In addition to aforementioned flow assurance issues, unexpected unstable flow was observed after well stimulation jobs. The observed unstable flow (slugging) was characterized by very high pressure fluctuations and significant water cut variations at topsides, which leads to platform trips and occasional shutdowns. The field production history and flow conditions at the riser outlet are summarized in chronological order in the table. The A1 well stimulation job was performed between Case 1 and Case 2. The A2 well stimulation job was performed between Case 2 and Case 3. The unstable flow was observed right after the well stimulation jobs. The slugging frequency and slug sizes were estimated based on the field data.
Hydrodynamic slug flow was observed for cases 1, 5, and 6, where the pressure, temperature, liquid rate, and water cut fluctuations are very small (less than 5% from the average). The slugging frequency for hydrodynamic slugs is about one slug per 3-5 minutes and the slug size is about 2-3 bbls per slug. On the other hand, unstable flow (observed for cases 2, 3, and 4) was characterized by high pressure fluctuation at upstream of the boarding choke, significant temperature drop due to gas expansion in the riser and large fluctuations in liquid rate and water cut. The observed slugging frequency is about one slug per 15-20 minutes and the slug size is about 10-15 bbls per slug.
OLGA (version 220.127.116.11) was used to investigate the slugging tendency and validate possible slugging mechanisms of the system. The slug-tracking option was activated with the default delay constant of 150. The intent of using OLGA transient simulations was to capture the slugging tendency for each mechanism proposed. The explanations for the observations are mainly based on simulations and comparisons against the field data. Past experience indicates that slugging predictions made through the use of a multi-phase flow simulator (such as OLGA) are at the limit of the current understanding and modeling capability. However, this validated multi-phase flow tool can properly capture the slugging tendency and the sensitivities to various operating conditions.
A flow regime map was first developed using OLGA to identify the slugging boundaries of the system at the riser outlet. The flow map is presented as a function of total liquid rate and water cut (assuming a constant GOR of 900 scf/stb) for easier comparisons against the field data. Then the developed flow map was used to validate various mechanisms proposed to explain the slugging patterns observed in this field. Other possible mechanisms were also validated through OLGA transient simulations, such as severe slugging due to downward section upstream of the riser base, possible slugging due to choking effect by organic solid deposition, and emulsion/sludge-induced slugging by highly viscous emulsion/sludge in the subsea system.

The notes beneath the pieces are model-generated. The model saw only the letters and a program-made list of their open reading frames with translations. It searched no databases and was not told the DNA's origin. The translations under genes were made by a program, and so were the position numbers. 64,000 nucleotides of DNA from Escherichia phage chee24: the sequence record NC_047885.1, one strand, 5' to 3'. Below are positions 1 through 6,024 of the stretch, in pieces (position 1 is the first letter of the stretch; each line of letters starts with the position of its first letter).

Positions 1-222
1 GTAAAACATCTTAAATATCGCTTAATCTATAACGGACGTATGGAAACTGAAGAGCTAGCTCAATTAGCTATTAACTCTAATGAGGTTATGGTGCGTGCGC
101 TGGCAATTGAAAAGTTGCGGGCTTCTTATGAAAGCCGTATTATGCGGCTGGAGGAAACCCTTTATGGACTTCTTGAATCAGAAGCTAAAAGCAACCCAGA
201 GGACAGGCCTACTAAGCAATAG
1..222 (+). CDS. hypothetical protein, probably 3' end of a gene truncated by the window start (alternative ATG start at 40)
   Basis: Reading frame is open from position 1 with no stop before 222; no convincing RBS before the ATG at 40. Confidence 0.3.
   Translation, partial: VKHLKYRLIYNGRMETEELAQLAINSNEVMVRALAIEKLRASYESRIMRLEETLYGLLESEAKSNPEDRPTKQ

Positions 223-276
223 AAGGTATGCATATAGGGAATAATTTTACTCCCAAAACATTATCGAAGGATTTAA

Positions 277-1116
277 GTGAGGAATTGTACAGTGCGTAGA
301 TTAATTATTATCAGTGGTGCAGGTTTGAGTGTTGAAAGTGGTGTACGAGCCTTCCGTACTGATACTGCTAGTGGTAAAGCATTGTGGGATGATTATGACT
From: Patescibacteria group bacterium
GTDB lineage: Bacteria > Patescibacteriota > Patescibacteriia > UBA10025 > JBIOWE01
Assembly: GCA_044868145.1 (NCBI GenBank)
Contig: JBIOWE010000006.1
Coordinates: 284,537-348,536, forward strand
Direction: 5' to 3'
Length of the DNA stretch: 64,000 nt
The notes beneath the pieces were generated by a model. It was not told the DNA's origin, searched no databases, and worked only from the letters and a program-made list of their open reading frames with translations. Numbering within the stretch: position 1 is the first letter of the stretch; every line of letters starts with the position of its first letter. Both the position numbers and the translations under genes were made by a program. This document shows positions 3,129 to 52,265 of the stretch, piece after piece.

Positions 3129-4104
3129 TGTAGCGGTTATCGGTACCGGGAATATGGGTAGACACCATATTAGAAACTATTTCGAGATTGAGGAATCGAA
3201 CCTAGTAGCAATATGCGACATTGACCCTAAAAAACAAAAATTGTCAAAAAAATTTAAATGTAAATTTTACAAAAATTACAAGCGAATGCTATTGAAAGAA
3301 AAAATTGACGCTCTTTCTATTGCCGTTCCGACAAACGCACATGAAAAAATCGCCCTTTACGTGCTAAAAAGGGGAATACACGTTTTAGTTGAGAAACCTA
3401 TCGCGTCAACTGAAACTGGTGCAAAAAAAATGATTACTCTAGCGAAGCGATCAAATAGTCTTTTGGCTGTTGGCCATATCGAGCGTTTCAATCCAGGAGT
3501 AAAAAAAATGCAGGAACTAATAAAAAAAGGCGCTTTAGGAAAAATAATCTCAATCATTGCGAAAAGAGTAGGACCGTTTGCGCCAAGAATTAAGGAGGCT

Flow regime map
Three distinctive flow regimes were identified in the flow regime map developed through OLGA: the unstable oscillating flow, hydrodynamic slug flow, and stable flow. The unstable oscillating flow is observed at low liquid rates and high water cuts. At low flow rates, the liquid falls back in the riser and the pressure drop of the system is dominated by the hydrostatic pressure loss. Significant pressure fluctuations are observed but the oscillation frequency is much lower than hydrodynamic slugging. The hydrodynamic slugging flow regime is encountered at moderate flow rates and at all water cuts. The stable flow regime is encountered at high flow rates.
The six production cases retrieved from the field data were superimposed on the flow regime map. The operating conditions for all of the cases except case 6 fall into hydrodynamic slug flow regime. However, only cases 1 and 5 agree well with the field observation. Cases 2, 3, and 4, exhibit much worse slugging behaviors that cannot be explained with the flow map. Therefore, a few possible mechanisms /hypothesis for the slugging occurrence observed in cases 2, 3, and 4 were proposed.